How do I buy a House?

My wife and I are in the beginning stages of thinking about buying a house. This process for us looks a lot different than it did for my parents or grandparents.

Millennials are facing the most overinflated housing market in recent history. Correction: it’s overinflated based on what is just and moral (and I’m going to leave those terms undefinined), but it’s probably about right when it comes to supply and demand of a hot commodity. Let’s address a few canards people throw at my generation about this issue:

  1. Stop spending money eating out and on coffee shops: yeah, maybe we do this too much. But millennials are consumers of experiences moreso than products. The experience of a hot coffee at a sidewalk cafe or a fresh, high quality meal at an atmospheric restaurant are things we’re willing to shill for. And while these things are eating up a portion of our budgets, it’s nowhere close to what our housing expenses are consuming. And since when did living a spartan existence on rice and beans become the only ticket to homeownership? The very point of the post-War settlement (GI Bill, generous tax breaks to homeowners, etc.,) was to make homeowning normal and financially available for the majority of the population.
  2. Quit complaining and save up for a downpayment: in a housing market like Nashville, a downpayment sufficient to keep you from the PMI penalty is upwards of $45,000. Think about this: a lot of millennials don’t make much more than that per year (even many who went to college and have master’s degrees). If you could save $10,000 per year, it would take you around 4 years to hit that mark. And don’t forget: during this time, you’re still putting out at least that much per month in rent. So you’ve got to pay $40,000 to save $40,000. Because if you’ve got a family, you can’t just live anywhere: you’ve got to go somewhere relatively safe, and that quality commands a premium in rent.
  3. Get out of the expensive cities and move where it’s cheaper: ha, great idea, except for the fact that the only jobs that pay even close to enough money to live are IN the cities. We have transitioned to a metropolitan economy. If you want a high-paying “creative class” job, you have to be in a metro area. Wake me up when this telework revolution renders all that obsolete because I’ve yet to see it, even in the pandemic. You’re always going to have to be at least close to a major metropolitan area. And say you take this route and move into the suburban hinterland. You’re now faced with upwards of hour-long one-way commutes (which racks up your gas and car payment/maintenance costs–you can’t be depending on an old n’ busted with that kind of mileage before you every day). Also, millennials are done with the suburban experiment. Sure, we’re buying suburban homes (because that’s all there is), but we want to live in cities, in neighborhoods. We want to live and play where we work. Two hours per day of commuting, plus coming home to sprawltown, should not be anyone’s fate.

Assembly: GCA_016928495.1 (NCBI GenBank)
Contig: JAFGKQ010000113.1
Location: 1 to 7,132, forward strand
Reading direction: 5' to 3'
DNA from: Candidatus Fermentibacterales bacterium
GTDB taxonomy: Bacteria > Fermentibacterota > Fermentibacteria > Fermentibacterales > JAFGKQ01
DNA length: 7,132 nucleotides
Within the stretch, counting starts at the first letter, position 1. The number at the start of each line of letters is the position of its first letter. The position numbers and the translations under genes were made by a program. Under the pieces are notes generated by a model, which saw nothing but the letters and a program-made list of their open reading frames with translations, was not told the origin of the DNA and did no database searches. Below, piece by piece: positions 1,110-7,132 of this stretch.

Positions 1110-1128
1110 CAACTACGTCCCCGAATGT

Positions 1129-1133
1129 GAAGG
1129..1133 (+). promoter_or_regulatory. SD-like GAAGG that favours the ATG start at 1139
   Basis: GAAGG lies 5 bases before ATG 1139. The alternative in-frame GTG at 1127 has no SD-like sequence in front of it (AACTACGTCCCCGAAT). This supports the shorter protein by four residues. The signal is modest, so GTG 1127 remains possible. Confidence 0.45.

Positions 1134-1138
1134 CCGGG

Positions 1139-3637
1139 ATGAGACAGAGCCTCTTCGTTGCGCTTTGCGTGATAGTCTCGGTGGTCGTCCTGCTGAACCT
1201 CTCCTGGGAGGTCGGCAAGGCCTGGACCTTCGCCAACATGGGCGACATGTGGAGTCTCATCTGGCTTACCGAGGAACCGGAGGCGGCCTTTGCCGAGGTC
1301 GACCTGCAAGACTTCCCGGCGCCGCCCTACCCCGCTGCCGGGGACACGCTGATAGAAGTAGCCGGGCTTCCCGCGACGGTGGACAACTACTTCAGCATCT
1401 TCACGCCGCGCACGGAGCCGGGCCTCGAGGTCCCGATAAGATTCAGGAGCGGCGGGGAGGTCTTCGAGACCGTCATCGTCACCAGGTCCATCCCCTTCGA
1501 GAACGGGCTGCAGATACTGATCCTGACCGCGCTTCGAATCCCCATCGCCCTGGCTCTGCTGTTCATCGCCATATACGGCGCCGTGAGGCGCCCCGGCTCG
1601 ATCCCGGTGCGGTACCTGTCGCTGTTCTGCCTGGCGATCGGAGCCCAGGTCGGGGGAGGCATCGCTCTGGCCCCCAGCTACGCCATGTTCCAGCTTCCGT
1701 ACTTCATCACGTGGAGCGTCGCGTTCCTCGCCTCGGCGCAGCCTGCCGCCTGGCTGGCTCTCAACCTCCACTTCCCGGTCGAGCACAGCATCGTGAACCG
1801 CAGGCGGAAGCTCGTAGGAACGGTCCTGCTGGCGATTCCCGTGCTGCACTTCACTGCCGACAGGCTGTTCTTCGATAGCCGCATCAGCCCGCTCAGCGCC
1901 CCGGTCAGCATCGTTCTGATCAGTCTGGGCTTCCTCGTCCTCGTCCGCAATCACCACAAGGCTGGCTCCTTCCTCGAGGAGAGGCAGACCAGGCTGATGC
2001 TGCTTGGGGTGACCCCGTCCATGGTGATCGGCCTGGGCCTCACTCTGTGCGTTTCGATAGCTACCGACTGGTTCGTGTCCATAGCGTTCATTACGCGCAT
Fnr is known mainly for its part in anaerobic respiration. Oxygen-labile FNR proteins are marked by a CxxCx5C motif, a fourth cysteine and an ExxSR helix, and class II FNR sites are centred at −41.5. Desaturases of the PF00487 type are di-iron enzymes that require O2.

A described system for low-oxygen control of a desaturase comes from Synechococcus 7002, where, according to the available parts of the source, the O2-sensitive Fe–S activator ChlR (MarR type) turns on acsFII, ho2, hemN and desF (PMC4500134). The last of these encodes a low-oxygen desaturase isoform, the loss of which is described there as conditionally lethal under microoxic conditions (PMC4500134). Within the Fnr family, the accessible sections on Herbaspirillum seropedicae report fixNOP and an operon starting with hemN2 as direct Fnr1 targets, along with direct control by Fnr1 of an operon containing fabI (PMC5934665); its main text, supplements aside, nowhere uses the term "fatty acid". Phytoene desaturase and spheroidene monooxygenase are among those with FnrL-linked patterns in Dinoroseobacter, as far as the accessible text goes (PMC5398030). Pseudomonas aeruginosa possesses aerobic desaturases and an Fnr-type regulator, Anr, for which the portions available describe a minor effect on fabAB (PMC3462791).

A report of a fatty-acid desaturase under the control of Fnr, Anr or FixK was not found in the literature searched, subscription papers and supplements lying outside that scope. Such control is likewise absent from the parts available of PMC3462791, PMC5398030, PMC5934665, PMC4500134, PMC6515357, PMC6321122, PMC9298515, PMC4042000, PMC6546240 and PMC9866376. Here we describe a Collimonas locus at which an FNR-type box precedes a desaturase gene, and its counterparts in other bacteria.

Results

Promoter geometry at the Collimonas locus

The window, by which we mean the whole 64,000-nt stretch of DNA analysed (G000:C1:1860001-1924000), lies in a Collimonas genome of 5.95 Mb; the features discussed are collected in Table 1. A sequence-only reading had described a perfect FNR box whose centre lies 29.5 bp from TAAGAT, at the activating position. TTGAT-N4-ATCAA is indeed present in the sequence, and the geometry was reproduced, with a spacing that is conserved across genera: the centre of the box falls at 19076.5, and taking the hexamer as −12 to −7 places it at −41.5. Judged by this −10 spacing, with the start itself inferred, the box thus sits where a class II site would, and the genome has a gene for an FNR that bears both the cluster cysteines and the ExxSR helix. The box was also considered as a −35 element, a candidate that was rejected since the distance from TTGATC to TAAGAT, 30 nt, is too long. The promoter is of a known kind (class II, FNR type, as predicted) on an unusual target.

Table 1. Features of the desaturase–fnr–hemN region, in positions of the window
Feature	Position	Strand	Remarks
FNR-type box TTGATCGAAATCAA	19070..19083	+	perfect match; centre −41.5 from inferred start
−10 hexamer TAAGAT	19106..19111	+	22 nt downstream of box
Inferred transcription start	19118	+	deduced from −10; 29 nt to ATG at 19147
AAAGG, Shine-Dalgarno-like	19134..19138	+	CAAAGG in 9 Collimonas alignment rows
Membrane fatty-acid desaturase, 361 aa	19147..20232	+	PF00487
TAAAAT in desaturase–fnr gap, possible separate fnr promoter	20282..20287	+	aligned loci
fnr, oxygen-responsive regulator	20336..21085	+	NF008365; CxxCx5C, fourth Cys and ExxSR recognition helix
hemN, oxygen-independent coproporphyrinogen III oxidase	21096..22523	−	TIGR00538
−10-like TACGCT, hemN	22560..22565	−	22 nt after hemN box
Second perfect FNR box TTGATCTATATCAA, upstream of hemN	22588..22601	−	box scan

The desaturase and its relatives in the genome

We have a housing shortage. I think that’s the main problem. And the sickening thing is that there are more forces arrayed against remedying this issue than can be imagined. Our whole pattern of development has constricted land use so much that, when you combine it with significant regional and national immigration, the upward price pressure is astronomical. A functional society would recognize the plight and either launch on an unprecedented building spree or try to systemically induce either deflation in housing prices or (better yet) inflation in income with some kind of restriction on housing price infation. But our system is such a shadowy nightmare web of unseen forces and interests that that will never happen, unless some kind of crash occurs. The other fact is, which I’ve learned from Strong Towns podcasts, is that we all benefit from the real estate bubble as well. If you’re an owner, you have every incentive to root for a rising market and to oppose developments that might affect “traffic” or “character.” If you’re planning on retiring one day, you also do, because there’s a good chance your retirement is at least partially based on real estate investment.

But this can’t go on. We may sacrifice savings and make adjustments in the here and now, but in 30 years, when the millennial cohort has NONE of the savings and accumulated wealth that the boomers have, expect chaos. Right now that Bank of Mom cushion is getting a lot of house-less millennials over the hump. But that wealth will evaporate with the boomers, and when the children of the millennials need help to afford a downpayment, they will come up empty-handed. Living paycheck to paycheck because you’re spending 50% of your income on housing will keep this economy afloat for as long as SOMEONE still has wealth. But as those somebodies become nobody but the top tier of the population in the coming decades, look for major gears to stop turning in this country.

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